Antibody response to Raboral VR-G® oral rabies vaccine in captive and free-ranging black-backed jackals (Canis mesomelas)

Onderstepoort Journal of Veterinary Research

Field Value
Title Antibody response to Raboral VR-G® oral rabies vaccine in captive and free-ranging black-backed jackals (Canis mesomelas)
Creator Koeppel, Katja N. Geertsma, Peter Kuhn, Brian F. van Schalkwyk, Ockert L. Thompson, Peter N.
Subject Veterinary; wildlife; epidemiology black-backed jackal; Canis mesomelas; oral bait; rabies; South Africa; vaccination
Description Rabies is a zoonotic disease that remains endemic in large parts of southern Africa because of its persistence in wildlife and domestic dog vectors. The black-backed jackals (Canis mesomelas) is primarily the wildlife vector responsible for rabies outbreaks in northern parts of South Africa. Two trials were carried out to investigate antibody responses to the oral rabies vaccine Raboral V-RG® in black-backed jackals under captive and free-ranging conditions. In captive jackals 10/12 (83%; 95% confidence interval [CI]: 52% – 98%), seroconverted after single oral vaccination. Nine captive jackals had protective antibody titres ( 0.5 IU/mL) at 4 weeks (median: 2.1 IU/mL; inter quartile range [IQR]: 0.6–5.7) and 10 jackals had at 12 weeks (median: 3.5 IU/mL; IQR: 1.5–8.3) and three maintained antibody titres for up to 48 weeks (median: 3.4 IU/mL; IQR: 2.0–6.3). Four sites were baited with Raboral V-RG® vaccine for wild jackals, using fishmeal polymer and chicken heads. Baits were distributed by hand or from vehicle at three sites in north-eastern South Africa, with an average baiting density of 4.4 baits/km2 and at one site in central South Africa, at 0.12 baits/km2. This resulted in protective antibody titres in 3/11 jackals (27%; 95% Cl: 6–61) trapped between 3 and 12 months after baiting in north-eastern South Africa, compared with 4/7 jackals (57%; 95% Cl: 18–90) trapped after 3–18 months in central South Africa. This study shows the potential utility of oral rabies vaccination for the control of wildlife-associated rabies in north-eastern and central South Africa, but extensive studies with wider distribution of bait are needed to assess its potential impact on rabies control in wild jackals.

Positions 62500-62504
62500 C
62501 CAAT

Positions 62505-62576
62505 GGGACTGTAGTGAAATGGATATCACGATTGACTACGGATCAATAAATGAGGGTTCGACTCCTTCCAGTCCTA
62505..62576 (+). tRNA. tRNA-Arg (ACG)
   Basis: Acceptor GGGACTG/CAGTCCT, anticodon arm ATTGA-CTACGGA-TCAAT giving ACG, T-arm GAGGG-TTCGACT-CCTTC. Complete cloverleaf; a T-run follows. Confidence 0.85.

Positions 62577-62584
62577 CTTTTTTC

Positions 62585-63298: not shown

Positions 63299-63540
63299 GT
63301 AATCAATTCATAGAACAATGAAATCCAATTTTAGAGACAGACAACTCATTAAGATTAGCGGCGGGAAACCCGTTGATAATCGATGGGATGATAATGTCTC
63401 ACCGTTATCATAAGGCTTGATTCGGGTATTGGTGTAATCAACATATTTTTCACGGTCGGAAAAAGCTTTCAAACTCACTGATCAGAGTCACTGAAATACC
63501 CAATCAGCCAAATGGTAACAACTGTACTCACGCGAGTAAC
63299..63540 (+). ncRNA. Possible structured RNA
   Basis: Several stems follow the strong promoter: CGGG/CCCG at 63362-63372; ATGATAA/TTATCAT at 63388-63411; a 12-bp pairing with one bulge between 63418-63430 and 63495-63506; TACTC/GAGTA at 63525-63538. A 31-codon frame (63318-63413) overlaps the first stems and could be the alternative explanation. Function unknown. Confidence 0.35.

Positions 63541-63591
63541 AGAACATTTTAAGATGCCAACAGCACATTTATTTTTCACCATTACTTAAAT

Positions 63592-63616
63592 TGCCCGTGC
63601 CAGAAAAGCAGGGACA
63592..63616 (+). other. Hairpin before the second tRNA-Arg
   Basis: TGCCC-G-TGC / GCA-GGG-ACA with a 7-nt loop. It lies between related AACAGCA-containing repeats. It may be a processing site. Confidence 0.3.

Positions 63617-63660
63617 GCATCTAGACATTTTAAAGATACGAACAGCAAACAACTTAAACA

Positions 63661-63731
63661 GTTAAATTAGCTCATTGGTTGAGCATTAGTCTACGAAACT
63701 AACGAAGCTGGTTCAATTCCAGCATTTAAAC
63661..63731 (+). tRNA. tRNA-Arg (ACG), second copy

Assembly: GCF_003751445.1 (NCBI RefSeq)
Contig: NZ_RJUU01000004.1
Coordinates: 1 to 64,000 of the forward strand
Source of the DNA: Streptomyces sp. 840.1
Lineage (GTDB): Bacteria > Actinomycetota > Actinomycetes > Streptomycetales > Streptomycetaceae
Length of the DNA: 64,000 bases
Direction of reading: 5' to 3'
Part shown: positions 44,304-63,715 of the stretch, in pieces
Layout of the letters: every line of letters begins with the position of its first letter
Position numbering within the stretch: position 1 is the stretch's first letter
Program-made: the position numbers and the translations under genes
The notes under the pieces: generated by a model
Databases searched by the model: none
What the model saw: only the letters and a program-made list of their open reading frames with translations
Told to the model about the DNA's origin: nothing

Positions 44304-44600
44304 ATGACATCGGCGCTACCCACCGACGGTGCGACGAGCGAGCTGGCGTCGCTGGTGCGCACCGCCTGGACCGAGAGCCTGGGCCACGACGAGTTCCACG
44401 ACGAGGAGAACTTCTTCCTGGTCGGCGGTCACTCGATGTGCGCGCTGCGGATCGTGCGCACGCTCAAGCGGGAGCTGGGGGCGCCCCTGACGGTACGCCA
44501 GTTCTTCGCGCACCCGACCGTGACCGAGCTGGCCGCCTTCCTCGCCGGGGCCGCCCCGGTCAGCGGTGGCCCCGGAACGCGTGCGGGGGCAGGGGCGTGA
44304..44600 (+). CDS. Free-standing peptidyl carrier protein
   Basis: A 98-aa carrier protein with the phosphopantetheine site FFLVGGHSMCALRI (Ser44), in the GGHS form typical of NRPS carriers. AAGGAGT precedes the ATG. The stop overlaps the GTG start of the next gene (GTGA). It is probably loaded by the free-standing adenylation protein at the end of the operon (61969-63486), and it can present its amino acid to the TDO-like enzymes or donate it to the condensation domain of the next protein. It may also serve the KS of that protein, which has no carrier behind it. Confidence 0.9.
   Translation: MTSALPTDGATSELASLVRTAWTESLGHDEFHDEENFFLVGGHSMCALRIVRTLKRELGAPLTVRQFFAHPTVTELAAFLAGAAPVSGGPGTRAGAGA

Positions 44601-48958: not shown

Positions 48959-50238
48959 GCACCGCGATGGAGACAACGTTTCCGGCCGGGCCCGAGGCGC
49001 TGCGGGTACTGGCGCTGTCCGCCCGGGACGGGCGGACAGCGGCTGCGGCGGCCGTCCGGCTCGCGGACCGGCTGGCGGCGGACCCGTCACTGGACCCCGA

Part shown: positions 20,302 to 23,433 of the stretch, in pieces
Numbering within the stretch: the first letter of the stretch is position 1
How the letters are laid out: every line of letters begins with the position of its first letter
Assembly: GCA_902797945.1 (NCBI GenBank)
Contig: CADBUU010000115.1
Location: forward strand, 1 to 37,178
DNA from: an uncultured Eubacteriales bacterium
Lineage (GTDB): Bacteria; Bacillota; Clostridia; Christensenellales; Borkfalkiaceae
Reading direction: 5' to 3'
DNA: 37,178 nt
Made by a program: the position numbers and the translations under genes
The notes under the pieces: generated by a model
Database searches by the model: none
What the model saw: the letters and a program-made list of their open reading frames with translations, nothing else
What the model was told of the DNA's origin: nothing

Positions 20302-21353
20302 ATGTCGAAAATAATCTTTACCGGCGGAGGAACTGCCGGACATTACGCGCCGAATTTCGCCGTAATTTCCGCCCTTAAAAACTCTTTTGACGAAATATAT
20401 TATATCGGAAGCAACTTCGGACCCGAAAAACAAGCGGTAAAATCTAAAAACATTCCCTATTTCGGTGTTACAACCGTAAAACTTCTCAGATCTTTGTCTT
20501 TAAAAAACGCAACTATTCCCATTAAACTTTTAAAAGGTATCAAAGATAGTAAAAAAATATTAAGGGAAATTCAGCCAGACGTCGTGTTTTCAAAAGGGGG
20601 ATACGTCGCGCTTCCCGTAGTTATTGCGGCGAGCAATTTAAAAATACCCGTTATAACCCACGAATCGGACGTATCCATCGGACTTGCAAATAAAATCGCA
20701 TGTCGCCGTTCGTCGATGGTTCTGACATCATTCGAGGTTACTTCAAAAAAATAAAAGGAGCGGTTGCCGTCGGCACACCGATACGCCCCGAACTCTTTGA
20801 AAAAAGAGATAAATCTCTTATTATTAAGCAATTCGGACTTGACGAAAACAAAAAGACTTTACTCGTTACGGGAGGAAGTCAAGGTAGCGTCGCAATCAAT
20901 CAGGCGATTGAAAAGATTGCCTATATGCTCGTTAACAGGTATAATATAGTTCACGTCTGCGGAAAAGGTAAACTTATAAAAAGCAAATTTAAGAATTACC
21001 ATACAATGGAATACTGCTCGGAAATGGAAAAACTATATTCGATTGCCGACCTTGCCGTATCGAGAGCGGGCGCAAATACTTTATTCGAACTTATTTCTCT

Publisher AOSIS
Contributor South African Veterinary Association Wildlife Group
Date 2022-02-10
Type info:eu-repo/semantics/article info:eu-repo/semantics/publishedVersion — research study
Format text/html application/epub+zip text/xml application/pdf
Identifier 10.4102/ojvr.v89i1.1975
Source Onderstepoort Journal of Veterinary Research; Vol 89, No 1 (2022); 9 pages 2219-0635 0030-2465
Language eng
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Coverage Africa; South Africa current wildlife, jackal
Rights Copyright (c) 2022 Katja N. Koeppel, Peter Geertsma, Brian F. Kuhn, Ockert L. van Schalkwyk, Peter N. Thompson